To this day Henry Moore remains an enigma. He is one of the most important figures in 20th century sculpture yet somewhat isolated as an artist. We seek to examine those who have influenced him, contemporaries he inspired, a younger generation who rebelled against his stature and today’s artists still grappling with his work. This exhibition delves into how and why Moore’s work has had such a powerful impact on Modern and Contemporary sculpture.

 

Unit One will act as the starting point for the exhibition, a key moment in British art history and pivotal in Moore’s career. Formed in 1933 by Paul Nash the group included artists such as Barbara Hepworth (with whom Moore had studied at Leeds College of Art), John Armstrong, Ben Nicholson and Tristram Hillier. Modern art at the time was divided between surrealist and purely abstract artists, but Unit One sought a fusion between these seemingly opposing movements.

 

Following his visits to Paris in the 1930s Moore saw the primitivism of Pablo Picasso and the biomorphic forms of Surrealists such as Hans Arp, melding these elements into his own figurative language. Unit One would take a major role in the organisation of the International Surrealist Exhibition in London in 1936 which cemented Moore’s position as a vital voice in avant-garde circles.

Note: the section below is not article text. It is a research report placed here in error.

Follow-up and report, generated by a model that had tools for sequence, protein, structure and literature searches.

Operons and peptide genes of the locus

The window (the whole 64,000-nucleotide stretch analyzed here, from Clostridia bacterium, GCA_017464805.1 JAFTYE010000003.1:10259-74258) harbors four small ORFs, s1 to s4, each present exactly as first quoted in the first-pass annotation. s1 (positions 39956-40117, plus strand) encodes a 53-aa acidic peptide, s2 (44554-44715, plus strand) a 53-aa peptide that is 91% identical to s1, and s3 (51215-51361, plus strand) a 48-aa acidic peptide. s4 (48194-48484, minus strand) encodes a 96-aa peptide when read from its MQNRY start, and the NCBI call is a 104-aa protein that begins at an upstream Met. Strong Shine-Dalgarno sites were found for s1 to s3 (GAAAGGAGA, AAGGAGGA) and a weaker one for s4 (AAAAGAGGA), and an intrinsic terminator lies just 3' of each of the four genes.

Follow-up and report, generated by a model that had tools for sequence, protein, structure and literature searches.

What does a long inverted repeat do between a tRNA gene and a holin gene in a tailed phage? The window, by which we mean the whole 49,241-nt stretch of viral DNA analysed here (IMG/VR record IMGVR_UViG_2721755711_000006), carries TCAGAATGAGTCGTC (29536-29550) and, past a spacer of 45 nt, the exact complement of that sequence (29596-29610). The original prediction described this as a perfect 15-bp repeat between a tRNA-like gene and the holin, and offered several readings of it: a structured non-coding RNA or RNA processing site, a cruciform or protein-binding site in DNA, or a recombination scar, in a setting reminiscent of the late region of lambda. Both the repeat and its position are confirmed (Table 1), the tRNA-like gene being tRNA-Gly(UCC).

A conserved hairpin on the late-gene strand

After the Second World War Moore achieved major success and International fame with his Shelter Drawings. He won the International Prize for Sculpture at the Venice Biennale in 1948 and was given major museum exhibitions and public commissions worldwide. His stature was such that it overwhelmed many younger artists. This exhibition will explore the way in which that generation reacted to and against his work.

 

In 1952 Moore exhibited at the Venice Biennale alongside a group of younger sculptors including Lynn Chadwick, Kenneth Armitage and Reg Butler. Dubbed the ‘Geometry of Fear’ school by Herbert Read, their industrial surfaces and post-apocalyptic subject matter stood in direct opposition to Moore’s serene, organic forms and received widespread acclaim.

 

In the post-modern era, Moore continued to act as a catalyst for younger artists, standing as the emblem of Modern British Art. Antony Gormley has talked about Moore ‘facing the same problems as all of us who are attempting to evolve a formal language’. Bruce McLean created performances and photographs celebrating Moore’s monumental reclining figures on plinths and Sarah Lucas has built on the art historical idea of what a sculpture might be - an object, defined by gravity, space, the human body and naturally found forms.